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What price too high for fame?
The desire for recognition is as old as humanity itself, but new media has expanded it to a worldwide scope.
From the old "Candid Camera" to the modern manifestations like YouTube, the desire for recognition has reached new heights.
It started with MTV in 1992, when seven strangers were boarded in one house, their every move videotaped for "The Real World."
Scandals started early, with "Survivor" veteran Richard Hatch going to jail after winning a million dollars in 2000.
More recently, reality wanna-be's Richard and Mayumi Henne got in big trouble after touching off a $1 million drama by claiming their 6-year-old son, Falcon, was adrift in a balloon. (McCook native Nicole Vap, a producer at a Denver television station which fed live video of the balloon to the world, has been called to testify in the couple's prosecution.)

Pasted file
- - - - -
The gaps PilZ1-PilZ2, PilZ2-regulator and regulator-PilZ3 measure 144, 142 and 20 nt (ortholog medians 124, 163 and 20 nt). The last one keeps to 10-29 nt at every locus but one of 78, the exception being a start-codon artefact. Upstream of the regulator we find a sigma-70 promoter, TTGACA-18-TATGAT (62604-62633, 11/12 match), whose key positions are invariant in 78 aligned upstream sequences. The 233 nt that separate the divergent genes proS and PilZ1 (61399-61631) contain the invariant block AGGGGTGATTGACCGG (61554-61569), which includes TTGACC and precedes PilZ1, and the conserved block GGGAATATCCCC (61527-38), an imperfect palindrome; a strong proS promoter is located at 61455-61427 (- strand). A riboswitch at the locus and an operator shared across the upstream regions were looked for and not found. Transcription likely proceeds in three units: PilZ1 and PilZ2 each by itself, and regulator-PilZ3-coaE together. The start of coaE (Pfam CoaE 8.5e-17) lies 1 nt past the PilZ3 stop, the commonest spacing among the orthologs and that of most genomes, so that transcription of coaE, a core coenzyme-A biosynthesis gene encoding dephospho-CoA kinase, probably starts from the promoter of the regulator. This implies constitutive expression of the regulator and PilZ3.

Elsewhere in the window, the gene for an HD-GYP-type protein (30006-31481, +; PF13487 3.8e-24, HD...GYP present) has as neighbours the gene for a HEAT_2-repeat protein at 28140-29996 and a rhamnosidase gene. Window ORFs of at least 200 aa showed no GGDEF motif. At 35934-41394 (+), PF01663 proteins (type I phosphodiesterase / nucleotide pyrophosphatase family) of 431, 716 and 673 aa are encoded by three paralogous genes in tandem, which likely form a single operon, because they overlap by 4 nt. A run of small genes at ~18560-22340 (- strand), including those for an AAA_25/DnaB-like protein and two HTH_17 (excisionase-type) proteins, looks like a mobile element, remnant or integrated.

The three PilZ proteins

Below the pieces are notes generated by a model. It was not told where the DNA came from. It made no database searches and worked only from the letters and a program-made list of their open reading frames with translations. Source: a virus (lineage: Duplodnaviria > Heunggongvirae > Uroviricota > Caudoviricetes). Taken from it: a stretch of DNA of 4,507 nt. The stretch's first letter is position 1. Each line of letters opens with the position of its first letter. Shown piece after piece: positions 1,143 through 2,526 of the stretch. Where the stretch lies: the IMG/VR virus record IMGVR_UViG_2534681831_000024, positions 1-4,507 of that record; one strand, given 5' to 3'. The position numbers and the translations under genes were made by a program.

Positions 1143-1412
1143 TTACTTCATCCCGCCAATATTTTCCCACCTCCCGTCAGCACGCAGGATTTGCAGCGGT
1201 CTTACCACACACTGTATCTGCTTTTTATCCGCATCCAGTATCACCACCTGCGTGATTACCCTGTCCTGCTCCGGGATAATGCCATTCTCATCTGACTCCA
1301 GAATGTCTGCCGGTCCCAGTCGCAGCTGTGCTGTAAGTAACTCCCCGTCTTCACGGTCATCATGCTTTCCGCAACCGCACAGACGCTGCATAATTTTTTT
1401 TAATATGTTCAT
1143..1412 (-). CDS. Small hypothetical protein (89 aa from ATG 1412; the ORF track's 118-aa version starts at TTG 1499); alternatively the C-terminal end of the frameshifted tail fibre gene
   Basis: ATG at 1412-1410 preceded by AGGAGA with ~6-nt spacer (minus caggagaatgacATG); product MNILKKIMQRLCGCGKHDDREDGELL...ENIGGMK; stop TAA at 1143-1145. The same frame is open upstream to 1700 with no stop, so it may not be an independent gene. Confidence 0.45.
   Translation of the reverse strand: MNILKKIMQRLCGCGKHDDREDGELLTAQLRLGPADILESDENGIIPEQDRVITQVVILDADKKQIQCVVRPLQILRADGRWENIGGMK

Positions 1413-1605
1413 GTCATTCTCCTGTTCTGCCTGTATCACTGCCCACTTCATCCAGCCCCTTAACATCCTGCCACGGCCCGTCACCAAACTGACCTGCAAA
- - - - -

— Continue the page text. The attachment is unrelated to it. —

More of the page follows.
And this week, another couple vying for a spot on reality TV crashed President Obama's first state dinner, apparently breezing past the Secret Service on pure force of personality.
Truly, it's sad to see the lengths some people will go to for fleeting fame, but all is not evil on the reality television front.
Several successful singing careers have been launched by shows like American Idol, and how can we help but cheer for dowdy Scottish singer Susan Boyle, who placed second on a British talent show?
Boyle's debut album, "I Dreamed a Dream," sold more than 700,000 copies in the United States during its first week, a sales record for a female debut album and the highest selling debut album since 1993.
Yes fame has its rewards, but it also has a price -- just ask Tiger Woods. It's an unfortunate person, however, who will pay whatever it demands.